American women in particular, including Catholic nuns, publicly challenged many of John Paul IIâ€™s assumptions and expectations. While they were not able to change his views to any significant degree, their challenge prompted him to pay more attention to womenâ€™s issues and to develop the theology behind new Catholic feminism.
Before John Paulâ€™s first papal trip to the United States in 1979, Dr. Tymieniecka visited him at Castel Gandolfo and discussed with him his proposed speeches. Some ofÂ the speechesÂ may have been drafted in part by Dr. Wanda PÃ³Å‚tawska, a Polish psychiatrist andÂ a victim of Nazi medical experiments.Â She had been WojtyÅ‚aâ€™s scientific advisor on birth control and had helped him convince Pope Paul VI to issue his 1968 anti-contraception encyclical Humanae vitae. The encyclical,Â for which Cardinal WojtyÅ‚a and Dr. PÃ³Å‚tawskaÂ provided Pope Paul VI withÂ supportive research,Â drove millions of women and menÂ away from the church.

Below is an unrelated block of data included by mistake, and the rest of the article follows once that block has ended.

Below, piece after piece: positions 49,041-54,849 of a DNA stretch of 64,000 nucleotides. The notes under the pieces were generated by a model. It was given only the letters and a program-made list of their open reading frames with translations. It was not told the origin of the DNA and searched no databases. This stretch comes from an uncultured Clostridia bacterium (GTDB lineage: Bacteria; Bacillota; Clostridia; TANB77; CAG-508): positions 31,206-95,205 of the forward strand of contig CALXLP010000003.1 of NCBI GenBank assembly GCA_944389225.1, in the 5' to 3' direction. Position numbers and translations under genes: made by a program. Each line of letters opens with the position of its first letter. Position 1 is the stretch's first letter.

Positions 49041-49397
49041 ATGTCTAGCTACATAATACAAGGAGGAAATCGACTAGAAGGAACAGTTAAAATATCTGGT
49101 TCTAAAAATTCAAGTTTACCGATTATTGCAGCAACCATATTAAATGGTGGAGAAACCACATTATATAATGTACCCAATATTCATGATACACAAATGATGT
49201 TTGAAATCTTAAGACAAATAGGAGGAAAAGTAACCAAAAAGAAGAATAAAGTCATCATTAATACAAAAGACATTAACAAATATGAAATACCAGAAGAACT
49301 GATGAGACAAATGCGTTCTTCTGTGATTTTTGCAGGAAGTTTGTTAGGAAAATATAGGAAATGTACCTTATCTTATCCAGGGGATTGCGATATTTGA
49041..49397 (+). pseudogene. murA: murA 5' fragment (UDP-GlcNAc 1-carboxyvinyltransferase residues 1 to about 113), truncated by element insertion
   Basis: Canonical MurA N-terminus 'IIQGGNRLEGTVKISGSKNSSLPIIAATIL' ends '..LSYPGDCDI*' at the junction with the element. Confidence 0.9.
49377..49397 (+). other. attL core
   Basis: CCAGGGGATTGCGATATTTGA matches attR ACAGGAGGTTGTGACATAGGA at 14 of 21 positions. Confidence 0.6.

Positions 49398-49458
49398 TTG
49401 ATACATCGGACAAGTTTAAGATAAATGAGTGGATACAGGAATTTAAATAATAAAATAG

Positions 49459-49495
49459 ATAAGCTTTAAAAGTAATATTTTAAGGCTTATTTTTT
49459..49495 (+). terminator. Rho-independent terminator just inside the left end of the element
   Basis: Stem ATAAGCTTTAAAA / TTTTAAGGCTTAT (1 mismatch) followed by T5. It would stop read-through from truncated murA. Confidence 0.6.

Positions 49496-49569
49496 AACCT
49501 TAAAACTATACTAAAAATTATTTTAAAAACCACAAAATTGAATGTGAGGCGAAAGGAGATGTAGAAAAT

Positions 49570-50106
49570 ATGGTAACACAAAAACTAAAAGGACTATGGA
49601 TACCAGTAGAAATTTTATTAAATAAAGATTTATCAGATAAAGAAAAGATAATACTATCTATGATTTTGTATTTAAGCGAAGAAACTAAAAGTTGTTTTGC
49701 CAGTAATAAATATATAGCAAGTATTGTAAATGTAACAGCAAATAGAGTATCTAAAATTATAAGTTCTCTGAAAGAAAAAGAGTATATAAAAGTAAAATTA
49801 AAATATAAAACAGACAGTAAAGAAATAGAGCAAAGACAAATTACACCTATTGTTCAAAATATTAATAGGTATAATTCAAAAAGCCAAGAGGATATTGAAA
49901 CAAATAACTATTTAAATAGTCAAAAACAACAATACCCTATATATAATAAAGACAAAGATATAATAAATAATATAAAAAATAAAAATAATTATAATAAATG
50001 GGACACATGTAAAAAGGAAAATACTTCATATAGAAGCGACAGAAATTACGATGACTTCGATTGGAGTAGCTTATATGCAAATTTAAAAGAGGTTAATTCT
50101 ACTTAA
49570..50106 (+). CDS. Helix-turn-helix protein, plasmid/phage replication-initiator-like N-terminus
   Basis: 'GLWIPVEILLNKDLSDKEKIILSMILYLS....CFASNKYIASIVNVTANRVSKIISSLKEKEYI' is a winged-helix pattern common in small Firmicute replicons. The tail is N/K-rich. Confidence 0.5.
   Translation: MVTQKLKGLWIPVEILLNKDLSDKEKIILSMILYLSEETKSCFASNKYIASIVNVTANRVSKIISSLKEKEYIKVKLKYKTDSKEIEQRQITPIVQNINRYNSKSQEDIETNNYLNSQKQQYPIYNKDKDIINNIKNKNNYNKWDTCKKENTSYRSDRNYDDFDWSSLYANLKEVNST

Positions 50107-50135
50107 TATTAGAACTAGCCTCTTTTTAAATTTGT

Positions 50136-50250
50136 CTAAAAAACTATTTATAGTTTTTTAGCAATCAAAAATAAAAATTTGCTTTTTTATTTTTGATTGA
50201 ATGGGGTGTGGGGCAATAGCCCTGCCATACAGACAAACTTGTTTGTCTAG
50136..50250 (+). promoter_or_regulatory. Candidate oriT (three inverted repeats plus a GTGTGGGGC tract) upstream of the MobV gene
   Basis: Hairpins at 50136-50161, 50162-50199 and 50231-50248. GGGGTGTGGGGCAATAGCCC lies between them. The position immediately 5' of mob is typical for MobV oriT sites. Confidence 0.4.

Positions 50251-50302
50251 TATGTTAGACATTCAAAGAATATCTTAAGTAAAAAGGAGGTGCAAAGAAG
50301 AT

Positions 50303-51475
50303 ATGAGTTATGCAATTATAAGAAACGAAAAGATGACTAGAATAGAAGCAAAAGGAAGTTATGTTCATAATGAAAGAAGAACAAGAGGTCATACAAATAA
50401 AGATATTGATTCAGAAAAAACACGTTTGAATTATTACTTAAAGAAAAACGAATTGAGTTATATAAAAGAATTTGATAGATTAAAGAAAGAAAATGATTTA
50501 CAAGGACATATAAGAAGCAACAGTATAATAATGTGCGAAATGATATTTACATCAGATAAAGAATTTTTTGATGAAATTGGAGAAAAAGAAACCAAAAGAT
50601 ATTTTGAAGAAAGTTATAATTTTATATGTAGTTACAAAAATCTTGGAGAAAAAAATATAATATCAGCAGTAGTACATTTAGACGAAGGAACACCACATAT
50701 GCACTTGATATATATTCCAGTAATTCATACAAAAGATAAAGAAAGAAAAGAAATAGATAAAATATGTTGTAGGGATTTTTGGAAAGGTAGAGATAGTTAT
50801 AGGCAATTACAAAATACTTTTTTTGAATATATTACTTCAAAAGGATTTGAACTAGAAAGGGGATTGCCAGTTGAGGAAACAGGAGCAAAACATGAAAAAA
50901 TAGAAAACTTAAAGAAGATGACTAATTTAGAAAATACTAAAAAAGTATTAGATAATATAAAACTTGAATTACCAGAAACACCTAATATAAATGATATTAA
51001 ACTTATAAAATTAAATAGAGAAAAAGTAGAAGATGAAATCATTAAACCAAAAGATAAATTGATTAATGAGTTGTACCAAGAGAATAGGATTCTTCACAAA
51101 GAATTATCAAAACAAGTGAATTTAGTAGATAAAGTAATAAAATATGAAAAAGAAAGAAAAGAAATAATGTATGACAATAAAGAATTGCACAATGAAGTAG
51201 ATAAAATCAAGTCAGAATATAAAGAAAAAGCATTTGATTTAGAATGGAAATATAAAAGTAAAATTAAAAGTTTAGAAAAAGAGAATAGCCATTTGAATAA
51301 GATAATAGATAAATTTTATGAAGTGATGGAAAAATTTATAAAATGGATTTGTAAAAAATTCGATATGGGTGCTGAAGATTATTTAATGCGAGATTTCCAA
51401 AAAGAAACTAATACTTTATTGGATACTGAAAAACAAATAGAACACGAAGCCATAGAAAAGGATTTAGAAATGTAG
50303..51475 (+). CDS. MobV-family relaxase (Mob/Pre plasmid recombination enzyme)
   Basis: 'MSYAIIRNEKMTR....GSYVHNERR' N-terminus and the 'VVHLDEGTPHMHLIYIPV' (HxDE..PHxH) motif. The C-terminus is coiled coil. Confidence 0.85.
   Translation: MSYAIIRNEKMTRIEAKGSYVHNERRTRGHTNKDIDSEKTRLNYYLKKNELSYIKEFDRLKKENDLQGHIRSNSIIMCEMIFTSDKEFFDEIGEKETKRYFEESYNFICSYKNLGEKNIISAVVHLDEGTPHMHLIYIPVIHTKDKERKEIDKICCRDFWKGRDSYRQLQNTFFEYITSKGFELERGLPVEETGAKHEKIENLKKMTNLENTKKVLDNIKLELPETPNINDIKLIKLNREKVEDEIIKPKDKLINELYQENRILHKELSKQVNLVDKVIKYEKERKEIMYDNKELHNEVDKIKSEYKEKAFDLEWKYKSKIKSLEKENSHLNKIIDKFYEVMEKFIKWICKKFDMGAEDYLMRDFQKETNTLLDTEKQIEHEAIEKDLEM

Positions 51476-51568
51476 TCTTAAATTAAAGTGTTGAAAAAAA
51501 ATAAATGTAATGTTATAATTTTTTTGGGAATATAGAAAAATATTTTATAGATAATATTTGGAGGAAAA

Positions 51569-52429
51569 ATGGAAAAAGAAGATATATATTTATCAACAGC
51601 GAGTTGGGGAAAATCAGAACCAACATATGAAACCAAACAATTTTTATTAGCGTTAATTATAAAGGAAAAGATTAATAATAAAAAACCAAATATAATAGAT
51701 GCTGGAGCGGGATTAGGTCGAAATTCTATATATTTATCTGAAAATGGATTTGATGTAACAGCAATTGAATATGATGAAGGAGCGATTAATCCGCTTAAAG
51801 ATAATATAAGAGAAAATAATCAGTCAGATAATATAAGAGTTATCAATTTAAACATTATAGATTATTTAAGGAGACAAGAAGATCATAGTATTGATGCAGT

Dr. Tymieniecka told me in 2007 that she did not review the texts of papal speeches prior to his 1979 visitÂ but held discussions with John Paul II about what kind of messagesÂ might resonate wellÂ with Americans. She confirmed that his initial ideas, which his conservative Polish friends had suggested, were way off the mark as far as the realities of life in the United States were concerned. But she said that she had managed to talkÂ him into making drastic changes in his speeches to Americans and was gratified to hear that he had taken her advice.